Potatoes are one of the hardiest vegetables you can keep in your kitchen. They’re resilient, affordable, and when stored properly, they can last for several months. So buying them in bulk and having them on hand whenever you’re in the mood for some spuds is a no-brainer.
That is until you reach into your pantry to find your potatoes covered in strange white sprouts. It looks like something out of a horror movie: misshapen white growths poking out at random angles. And sometimes the sprouts are accompanied by unsightly shriveled skin. To say that sprouted potatoes look unappetizing is an understatement.
They may be ugly, sure, but are they still safe to eat? You may hear conflicting information about what to do with sprouted potatoes: some people toss them while others continue to use them. So if you’re dealing with a sprouted potato and don’t know what to do with it, we’re here to help. Here’s everything you need to know about why potatoes grow sprouts, whether or not you should cook with them, and how to prevent your spuds from sprouting in the future.
Why Do Potatoes Sprout?
Potatoes are typically harvested from the ground, but that doesn’t necessarily mean that they need dirt to grow. In fact, moisture and warmth are the only factors required for spuds to start sprouting. The ideal temperature for potato growth is actually lower than you’d think—think anywhere between 68-70°F. Farmer Jenny McNally revealed to The Irish Times that the indoor temperature of many homes is warm enough to trick potatoes into thinking that it’s spring.
The part of the potato we eat is the root, and its primary function is to facilitate the growth of the plant and flower. So over time and in warm, moist environments, the nutrients in the root will jumpstart the sprouting process. The root itself is edible, but the rest of the plant is actually poisonous.
Can You Eat Sprouted Potatoes?
The short answer is: it depends. The sprouts themselves are high in glycoalkaloids, a type of chemical compound that can be toxic to humans. Glycoalkaloids are also found in fresh potatoes, albeit in negligible amounts. The more the potatoes sprout, the more glycoalkaloids develop—in both the sprouts and the root itself.
High concentrations of these compounds lend an unpleasantly bitter flavor to your potato and can cause serious stomach problems. According to the National Capital Poison Center, consuming enough glycoalkaloids can lead to vomiting, abdominal pain, diarrhea, headaches, fever, and even death (in a few cases).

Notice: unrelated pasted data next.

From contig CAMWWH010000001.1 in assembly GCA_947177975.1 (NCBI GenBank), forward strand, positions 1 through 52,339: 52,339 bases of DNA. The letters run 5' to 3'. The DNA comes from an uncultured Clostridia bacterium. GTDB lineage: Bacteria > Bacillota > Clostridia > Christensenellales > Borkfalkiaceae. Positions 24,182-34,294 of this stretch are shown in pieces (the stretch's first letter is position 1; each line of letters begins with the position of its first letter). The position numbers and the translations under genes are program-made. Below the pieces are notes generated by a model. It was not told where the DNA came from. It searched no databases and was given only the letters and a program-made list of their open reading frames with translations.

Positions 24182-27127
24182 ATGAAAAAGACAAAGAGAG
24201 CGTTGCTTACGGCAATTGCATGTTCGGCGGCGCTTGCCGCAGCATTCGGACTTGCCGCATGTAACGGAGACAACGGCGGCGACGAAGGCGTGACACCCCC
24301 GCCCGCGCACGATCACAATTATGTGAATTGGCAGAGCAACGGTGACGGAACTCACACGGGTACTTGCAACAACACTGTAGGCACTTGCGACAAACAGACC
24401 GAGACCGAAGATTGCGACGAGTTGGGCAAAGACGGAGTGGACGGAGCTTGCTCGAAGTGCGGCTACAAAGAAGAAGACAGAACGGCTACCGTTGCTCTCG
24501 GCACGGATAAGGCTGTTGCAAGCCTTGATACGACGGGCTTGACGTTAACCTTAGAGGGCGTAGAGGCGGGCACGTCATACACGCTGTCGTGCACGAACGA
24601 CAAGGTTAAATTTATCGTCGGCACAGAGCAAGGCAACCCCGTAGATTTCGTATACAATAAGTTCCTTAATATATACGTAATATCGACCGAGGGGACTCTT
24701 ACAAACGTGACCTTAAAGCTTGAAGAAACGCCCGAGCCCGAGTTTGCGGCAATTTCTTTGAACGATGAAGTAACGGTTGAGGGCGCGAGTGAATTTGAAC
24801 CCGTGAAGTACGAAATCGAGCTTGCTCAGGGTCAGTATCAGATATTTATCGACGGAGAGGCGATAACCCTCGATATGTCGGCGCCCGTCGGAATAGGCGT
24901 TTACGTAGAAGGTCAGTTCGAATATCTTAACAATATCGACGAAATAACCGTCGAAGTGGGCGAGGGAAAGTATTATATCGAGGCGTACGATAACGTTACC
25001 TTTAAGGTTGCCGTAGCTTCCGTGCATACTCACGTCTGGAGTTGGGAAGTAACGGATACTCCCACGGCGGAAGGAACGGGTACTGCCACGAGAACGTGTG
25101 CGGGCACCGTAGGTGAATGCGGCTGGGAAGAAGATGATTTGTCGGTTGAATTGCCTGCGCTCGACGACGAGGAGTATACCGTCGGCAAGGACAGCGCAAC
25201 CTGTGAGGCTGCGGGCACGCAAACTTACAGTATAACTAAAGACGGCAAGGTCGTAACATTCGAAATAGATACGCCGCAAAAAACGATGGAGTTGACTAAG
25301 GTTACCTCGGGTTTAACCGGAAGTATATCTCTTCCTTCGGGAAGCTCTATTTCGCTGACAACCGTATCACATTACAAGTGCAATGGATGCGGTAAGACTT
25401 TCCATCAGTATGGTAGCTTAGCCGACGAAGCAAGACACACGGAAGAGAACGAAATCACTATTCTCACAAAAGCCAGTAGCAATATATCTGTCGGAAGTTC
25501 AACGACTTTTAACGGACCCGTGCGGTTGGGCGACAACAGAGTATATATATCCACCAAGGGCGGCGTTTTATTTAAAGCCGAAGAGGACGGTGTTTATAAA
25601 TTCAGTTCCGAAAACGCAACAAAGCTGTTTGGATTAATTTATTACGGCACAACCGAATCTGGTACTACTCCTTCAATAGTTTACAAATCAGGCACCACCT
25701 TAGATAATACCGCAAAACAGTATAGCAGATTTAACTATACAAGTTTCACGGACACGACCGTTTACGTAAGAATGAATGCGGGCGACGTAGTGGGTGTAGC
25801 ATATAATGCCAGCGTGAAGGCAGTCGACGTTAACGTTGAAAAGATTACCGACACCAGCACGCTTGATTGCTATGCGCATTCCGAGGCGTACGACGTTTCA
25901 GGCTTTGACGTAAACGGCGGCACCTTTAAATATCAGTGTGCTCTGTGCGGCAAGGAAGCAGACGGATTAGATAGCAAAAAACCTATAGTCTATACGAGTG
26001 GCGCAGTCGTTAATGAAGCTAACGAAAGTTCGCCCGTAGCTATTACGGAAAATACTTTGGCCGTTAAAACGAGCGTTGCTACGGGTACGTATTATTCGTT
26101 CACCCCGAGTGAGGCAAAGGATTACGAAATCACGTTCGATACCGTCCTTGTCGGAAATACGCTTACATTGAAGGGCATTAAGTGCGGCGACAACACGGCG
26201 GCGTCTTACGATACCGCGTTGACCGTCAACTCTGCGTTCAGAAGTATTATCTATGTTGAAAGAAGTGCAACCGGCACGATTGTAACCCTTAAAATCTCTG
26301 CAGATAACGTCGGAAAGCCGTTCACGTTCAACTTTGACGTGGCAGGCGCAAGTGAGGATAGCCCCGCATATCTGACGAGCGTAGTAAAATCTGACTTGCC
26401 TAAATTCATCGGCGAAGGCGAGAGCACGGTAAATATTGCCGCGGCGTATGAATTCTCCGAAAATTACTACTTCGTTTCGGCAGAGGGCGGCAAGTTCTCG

But a few small sprouts aren’t necessarily enough to send you to the emergency room. If your potato is just starting to sprout, and the root is still firm and wrinkle-free, you can simply cut off the sprouts and cook the potatoes as normal. But if the sprouts are over an inch long or the potatoes are shriveled, you’re better off tossing them entirely.
How Do I Stop My Potatoes From Sprouting?
The best way to prevent potatoes from sprouting is by employing proper storage techniques. Keeping your spuds in cool, dry spaces (like your pantry or closet) effectively slows the sprouting process and keeps your potatoes in good shape for longer.
Minimizing their exposure to sunlight is also key. If your potatoes came in a mesh or clear plastic bag, you should transfer them to a paper bag instead. Not only does the opaque material block the sun, but it also offers improved airflow and reduces moisture levels. This tip is especially important if you live in a humid climate.
You may already store some of your vegetables in your pantry or basement, but you don’t want them to be in close proximity to potatoes. Compounds found in alliums, like onions and garlic, are known to speed up potato sprouting if they’re stored near each other. So make sure to keep your stashes separate.